Trichostatin A and 5-Aza-2'-Deoxycytidine influence the expression of cold-induced genes in Arabidopsis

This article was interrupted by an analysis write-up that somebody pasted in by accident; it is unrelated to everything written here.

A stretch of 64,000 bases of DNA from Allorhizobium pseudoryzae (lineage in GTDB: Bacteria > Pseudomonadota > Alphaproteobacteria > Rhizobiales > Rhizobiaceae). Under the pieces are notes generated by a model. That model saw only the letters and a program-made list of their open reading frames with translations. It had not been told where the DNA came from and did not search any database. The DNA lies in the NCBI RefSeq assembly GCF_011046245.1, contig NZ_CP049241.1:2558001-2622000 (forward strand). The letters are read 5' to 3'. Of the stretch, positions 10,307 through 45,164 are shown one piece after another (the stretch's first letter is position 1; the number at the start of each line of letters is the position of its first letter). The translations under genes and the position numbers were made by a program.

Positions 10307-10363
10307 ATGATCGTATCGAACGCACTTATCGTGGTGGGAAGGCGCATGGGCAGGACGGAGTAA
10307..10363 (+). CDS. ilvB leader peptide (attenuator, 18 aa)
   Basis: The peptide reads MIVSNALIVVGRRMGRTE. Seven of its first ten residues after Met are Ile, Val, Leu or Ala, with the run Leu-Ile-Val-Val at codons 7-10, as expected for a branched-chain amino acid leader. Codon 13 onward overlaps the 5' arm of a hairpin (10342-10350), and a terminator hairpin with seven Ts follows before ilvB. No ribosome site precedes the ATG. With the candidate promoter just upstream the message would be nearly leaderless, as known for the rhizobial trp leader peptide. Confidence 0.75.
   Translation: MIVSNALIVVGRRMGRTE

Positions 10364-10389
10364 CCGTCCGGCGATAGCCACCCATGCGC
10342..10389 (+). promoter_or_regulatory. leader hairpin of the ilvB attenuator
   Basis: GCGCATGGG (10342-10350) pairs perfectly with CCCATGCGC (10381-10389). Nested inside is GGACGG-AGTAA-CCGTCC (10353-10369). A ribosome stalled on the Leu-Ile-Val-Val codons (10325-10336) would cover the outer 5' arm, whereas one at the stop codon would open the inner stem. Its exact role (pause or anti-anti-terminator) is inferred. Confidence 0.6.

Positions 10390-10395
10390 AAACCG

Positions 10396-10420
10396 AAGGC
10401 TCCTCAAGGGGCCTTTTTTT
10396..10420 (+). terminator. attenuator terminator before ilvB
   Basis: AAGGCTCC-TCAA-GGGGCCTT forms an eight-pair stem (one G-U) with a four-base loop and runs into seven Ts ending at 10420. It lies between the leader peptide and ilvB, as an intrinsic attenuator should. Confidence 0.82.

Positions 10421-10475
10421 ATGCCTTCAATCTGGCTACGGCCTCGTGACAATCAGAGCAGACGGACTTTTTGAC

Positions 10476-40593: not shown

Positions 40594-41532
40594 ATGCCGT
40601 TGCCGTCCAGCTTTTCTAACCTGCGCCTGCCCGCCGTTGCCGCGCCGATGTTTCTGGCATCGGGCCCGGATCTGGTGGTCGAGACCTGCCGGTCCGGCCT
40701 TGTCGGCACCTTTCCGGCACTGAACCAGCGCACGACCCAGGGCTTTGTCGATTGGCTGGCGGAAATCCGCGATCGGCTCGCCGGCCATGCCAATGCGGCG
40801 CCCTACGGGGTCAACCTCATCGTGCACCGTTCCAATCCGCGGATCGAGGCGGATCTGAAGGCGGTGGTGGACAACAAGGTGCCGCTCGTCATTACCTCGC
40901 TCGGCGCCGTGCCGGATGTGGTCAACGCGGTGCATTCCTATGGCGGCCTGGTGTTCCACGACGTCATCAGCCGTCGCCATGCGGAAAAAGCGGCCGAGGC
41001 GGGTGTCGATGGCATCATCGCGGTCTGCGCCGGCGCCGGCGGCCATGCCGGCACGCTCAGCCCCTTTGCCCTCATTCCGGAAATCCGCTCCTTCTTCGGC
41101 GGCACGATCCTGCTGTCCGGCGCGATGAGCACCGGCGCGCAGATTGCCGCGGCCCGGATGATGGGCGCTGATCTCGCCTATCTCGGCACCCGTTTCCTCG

The expression of cold-induced genes is critical for plants to survive under freezing stress. However, the underlying mechanisms for the decision of when, where, and which genes to express are unclear when a plant meets a sudden temperature drop. Previous studies have demonstrated epigenetics to play a central role in the regulation of gene expression in plant responses to environmental stress. DNA methylation and histone deacetylation are the two most important epigenetic modifications. This study was conducted to investigate the effects of inhibiting DNA methylation and histone deacetylation on gene expression, and to explore the potential role of epigenetics in plant responses to cold stress. The results revealed that histone deacetylase inhibitors (trichostatin A) and DNA methylation inhibitors (5-Aza-2'-deoxycytosine) treatment enhanced cold tolerance. DNA microarray analysis and the gene ontology method revealed 76 cold-induced differently expressed genes in Arabidopsis thaliana seedlings that were treated to 0°C for 24 h following Trichostatin A and 5-Aza-2'-Deoxycytidine. Furthermore, analyses of metabolic pathways and transcription factors of 3305 differentially expressed genes were performed. Each four metabolic pathways were significantly affected (p < 0.01) by Trichostatin A and 5-Aza-2'-Deoxycytidine. Finally, 10 genes were randomly selected and verified via qPCR analysis. Our study indicated that Trichostatin A and 5-Aza-2'-Deoxycytidine can improve the plant cold resistance and influence the expression of the cold-induced gene in A. thaliana. This result will advance our understanding of plant freezing responses and may provide a helpful strategy for cold tolerance improvement in crops.

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